First published on the UK Web Archive blog.
How much of the HTML in the UK web archive is valid HTML? Despite its apparent simplicity, this turns to be a rather difficult question to answer.
What is valid HTML anyway?
What do we mean by valid?
Certainly, the W3C works to create appropriate web standards, and provides tools to assist validation according to those standards that we could re-use.
However, the web browser software that you are using has its own opinion as to what HTML can be. For example, during the ‘browser wars’, competing software products invented individual features in order to gain market share while ignoring any effort to standardise them. Even now, although the relationship between browsers is much more amicable, some of the browser vendors still maintain their own ‘living standard’ that is similar to, but distinct from, the W3C HTML specification. Even aside from the issue of which definition to validate against, there is the further complication that browsers have always attempted to resolve errors and problems with malformed documents (a.k.a. ‘tag soup’), and do their best to present the content anyway.
Consequently, anecdotally at least, we know that a lot of the HTML on the web is perfectly acceptable despite being invalid, and so it is not quite clear what formal validation would achieve. Furthermore, the validation process itself is quite a computationally intensive procedure, and few web archives have the resources to carry out validation at scale. Based on this understanding of the costs and benefits, we do not routinely run validation processes over our web archives.
What can we look for?
However, we do process our archives in order to index the text from the resources. As each format stores text differently, we have to perform different processes to extract the text from HTML versus, say, a PDF or Office document. Therefore, we have to identify the format of each one in order to determine how to get at the text.
In fact, to help us understand our content, we run two different identification tools, Apache Tika and DROID. The former identifies the general format, and is a necessary part of text extraction processes, whereas the latter attempts to perform a more granular identification. For example, it is capable of distinguishing between the different versions of HTML.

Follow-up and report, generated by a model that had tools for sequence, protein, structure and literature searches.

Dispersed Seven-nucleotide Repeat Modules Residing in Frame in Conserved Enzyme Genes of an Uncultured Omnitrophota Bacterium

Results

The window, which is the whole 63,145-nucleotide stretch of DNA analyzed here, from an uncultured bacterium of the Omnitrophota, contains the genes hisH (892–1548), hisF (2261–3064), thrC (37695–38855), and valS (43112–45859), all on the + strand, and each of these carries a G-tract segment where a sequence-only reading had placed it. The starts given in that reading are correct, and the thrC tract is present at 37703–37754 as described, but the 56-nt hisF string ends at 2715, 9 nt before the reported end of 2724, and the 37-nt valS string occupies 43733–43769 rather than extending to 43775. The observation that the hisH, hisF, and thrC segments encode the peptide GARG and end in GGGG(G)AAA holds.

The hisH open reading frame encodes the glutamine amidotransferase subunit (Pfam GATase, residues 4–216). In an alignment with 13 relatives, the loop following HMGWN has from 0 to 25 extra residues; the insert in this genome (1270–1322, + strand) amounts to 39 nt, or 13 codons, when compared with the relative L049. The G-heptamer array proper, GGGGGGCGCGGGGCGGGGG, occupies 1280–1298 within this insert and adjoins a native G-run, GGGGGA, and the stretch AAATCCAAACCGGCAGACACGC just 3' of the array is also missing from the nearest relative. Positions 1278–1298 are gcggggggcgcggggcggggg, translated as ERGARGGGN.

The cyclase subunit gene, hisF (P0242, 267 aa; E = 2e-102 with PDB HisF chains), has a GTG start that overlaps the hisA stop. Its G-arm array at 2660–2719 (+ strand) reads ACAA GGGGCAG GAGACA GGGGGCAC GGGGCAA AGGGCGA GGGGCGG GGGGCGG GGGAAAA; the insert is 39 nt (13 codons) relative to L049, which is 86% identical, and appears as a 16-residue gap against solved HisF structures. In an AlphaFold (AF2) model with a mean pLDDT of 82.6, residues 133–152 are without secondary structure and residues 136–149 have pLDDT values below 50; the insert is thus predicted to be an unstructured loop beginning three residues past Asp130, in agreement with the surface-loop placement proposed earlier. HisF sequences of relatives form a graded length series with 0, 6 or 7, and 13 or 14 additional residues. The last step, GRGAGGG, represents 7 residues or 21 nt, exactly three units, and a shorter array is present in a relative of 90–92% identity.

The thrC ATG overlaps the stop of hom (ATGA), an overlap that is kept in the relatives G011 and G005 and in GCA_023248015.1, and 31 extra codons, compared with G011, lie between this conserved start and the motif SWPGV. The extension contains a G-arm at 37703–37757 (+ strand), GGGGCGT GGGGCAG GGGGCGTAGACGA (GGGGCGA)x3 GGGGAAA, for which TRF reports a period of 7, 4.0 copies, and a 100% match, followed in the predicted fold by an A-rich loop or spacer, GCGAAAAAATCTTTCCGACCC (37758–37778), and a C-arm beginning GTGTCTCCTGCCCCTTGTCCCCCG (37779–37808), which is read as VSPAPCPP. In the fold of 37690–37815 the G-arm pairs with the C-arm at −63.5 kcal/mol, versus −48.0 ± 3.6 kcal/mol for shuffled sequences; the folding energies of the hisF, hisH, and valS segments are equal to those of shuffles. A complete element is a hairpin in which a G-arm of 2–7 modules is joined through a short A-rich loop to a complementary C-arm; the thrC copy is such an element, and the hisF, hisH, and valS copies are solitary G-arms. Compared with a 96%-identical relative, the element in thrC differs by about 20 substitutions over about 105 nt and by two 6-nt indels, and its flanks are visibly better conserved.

Ideally, one would hope that each of these tools would agree on which documents are HTML, and DROID would provide a little additional information concerning the versions of the formats in use. However, it turns out that DROID takes a somewhat stricter view of what HTML should look like, whereas Tika is a little more forgiving of HTML content that strays further away from standard usage. Another way to look at this is to say that DROID attempts to partially validate the first part of an HTML page, and so those documents that Tika identifies as HTML, but DROID does not, forms a reasonable estimate of the lower-bound of the percentage of invalid HTML in the collection.
Based on two thirds of our 1996-2010 collection (a randomly-selected subset containing 1.7 billion of about 2.5 billion resources hosted from *.uk), we’ve determined the DROID ‘misses’ as a percentage of the Tika ‘hits’ for HTML, year by year, here:
From there one can see that pre-2000, at least ten percent of the archived HTML is so malformed that it’s difficult to even identify it as being HTML. For 1995, the percentage rises to 95%, with only 5% of the HTML being identified as such by DROID (although note that the 1995 data only contains a few hundred resources). Post-2000 the fraction of ‘misses’ has dropped significantly and as of 2010 appears to be around 1%.
While it is certainly good news that we can reliably identify 99% of the HTML on the contemporary web, neither Tika nor DROID perform proper validation, and the larger question goes unanswered. While 1% of the current web is certainly invalid, we know from experience that the actual percentage is likely to be much higher. The crucial point, however, is that it remains unclear whether full, formal validity actually matters. As long as we can extract the text and metadata, we can ensure the content can be found and viewed, whether it is technically valid or not.
Although the utility of validation is not yet certain, we will still consider adding HTML validation to future iterations of our indexing toolkit. We may only pass a smaller random-selected sample of the HTML through that costly process, as this would still allow us to understand how much content has the clarity of formal validation, and thus how important the W3C (and the standards it promotes) are to the UK web. Perhaps it will tell us something interesting about standard adoption and format dynamics over time.
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